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How Much Does It Cost to Mint an NFT?

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The Cost of Minting NFTs on Different Blockchains And How to Reduce Them

How Much Does It Cost to Mint an NFT?

December 19, 2022
, by 
Mateusz Raczyński

When launching a new NFT product or collection, the network transaction fees are a factor that in many projects cannot be overlooked. If you’re still looking for the right platform to mint your NFTs, here’s what it can cost you on different blockchains. Along the way, we’ll learn which blockchains are the best for NFTs in 2023 from that perspective.

But first, let’s answer the most important question…

Why NFT minting costs matter?

You could say that issuing a new NFT is not a big deal–even if the gas prices are at higher levels, paying $30 for a piece that could cost thousands of dollars seems like a fraction of the sale. Well, it is a small fraction of that sale.

But that’s the simplest use case for NFTs there is.

In another popular use case–issuing an NFT collection–the gas fees might become trouble. With the same $30 gas fee, launching a collection of 10,000 generative art NFTs would cost $300,000. Just to mint it!

If we were to go one step further, think about an industrial use of the NFT technology. What if Pepsi or Coca-Cola wanted to put an NFT on each can they sell as a new form of promotion? Or any other manufacturer of consumer goods? 

Coca-cola produces 2.5 billion cans of beverages of all of their brands per year, just in the UK. A year-long campaign using NFTs would cost them an additional $2.5 billion only if the gas fees were around $1. Even with smaller fees, say 0.01 on some newer chains, that would still account for $25 million to run it. Probably acceptable, but still significant–why not have it lower?

As you can see, it’s all a matter of the scale you’re operating on.

What influences the cost?

Coming from the FMCG sectors, executives might be used to how the business is done at a large scale. It is both a great advantage in negotiations and a drawback when the small costs quickly add up to thousands and millions of dollars.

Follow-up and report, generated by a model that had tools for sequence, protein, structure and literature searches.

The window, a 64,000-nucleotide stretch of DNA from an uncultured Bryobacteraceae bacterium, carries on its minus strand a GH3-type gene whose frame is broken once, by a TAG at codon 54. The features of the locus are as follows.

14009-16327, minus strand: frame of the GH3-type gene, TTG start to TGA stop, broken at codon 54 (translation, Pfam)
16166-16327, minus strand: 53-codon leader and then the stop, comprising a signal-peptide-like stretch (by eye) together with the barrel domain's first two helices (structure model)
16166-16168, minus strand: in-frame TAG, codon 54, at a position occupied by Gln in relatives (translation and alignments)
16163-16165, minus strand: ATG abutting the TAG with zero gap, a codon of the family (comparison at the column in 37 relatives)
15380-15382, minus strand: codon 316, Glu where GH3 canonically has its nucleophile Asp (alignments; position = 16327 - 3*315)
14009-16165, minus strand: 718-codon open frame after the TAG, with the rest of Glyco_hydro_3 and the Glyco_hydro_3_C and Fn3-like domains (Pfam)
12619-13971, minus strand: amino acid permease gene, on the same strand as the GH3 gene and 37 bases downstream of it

Unfortunately, there’s no negotiating with blockchains. In fact, the transaction fees are an anti-spam mechanism that prevents the blockchain from being clogged or taken down by some form of Denial-of-Service attack. 

This is why at times of high usage, Ethereum gas fees skyrocket and are generally higher when more accounts become active at a given period of time. Since the activity is rather measured by the number of transactions waiting to be put in blocks, doing that on a larger scale over a shorter period of time can put the fees higher, adding to the project’s costs.

And let’s not forget, minting is one cost and there are others – platform fee or the cost of building own NFT marketplace, listing fee, etc.

What are the costs of minting NFTs per blockchain?

Minting NFTs is a specific smart contract transaction that may be slightly more expensive than typical transfer between wallets. It’s because transfer consumes less resources than storing data. On most newer chains, the cost is minimal, but Ethereum remains and likely will remain the industry standard.

So, how much does it cost to mint an NFT on different blockchains? Here’s a short comparison from the sources we could find.

What’s also worth noting is that at the time of writing this article, the congestion on most networks is low–the fees are likely to increase once the markets boom again.

  • Ethereum –  ~0.00252 ETH, $2.9
    Note: A historical NFT minting gas fee on Ethereum was $500. It gets up quickly as market explodes.
  • BNB – 0.005 BNB, $1.24
  • Solana – 0.00045 SOL, $0.0081
  • Algorand – 0.001 ALGO, $0.00018
  • Cardano – .17-1.5 ADA, $0.044–$0,39
  • Tezos –1 XTZ for an entire collection, $0.82
  • Flow – 0.0000000185 FLOW, $0.01
  • Polygon – free with default lazy minting, ~200 gwei for batch minting – $0.003

How to reduce NFT minting costs?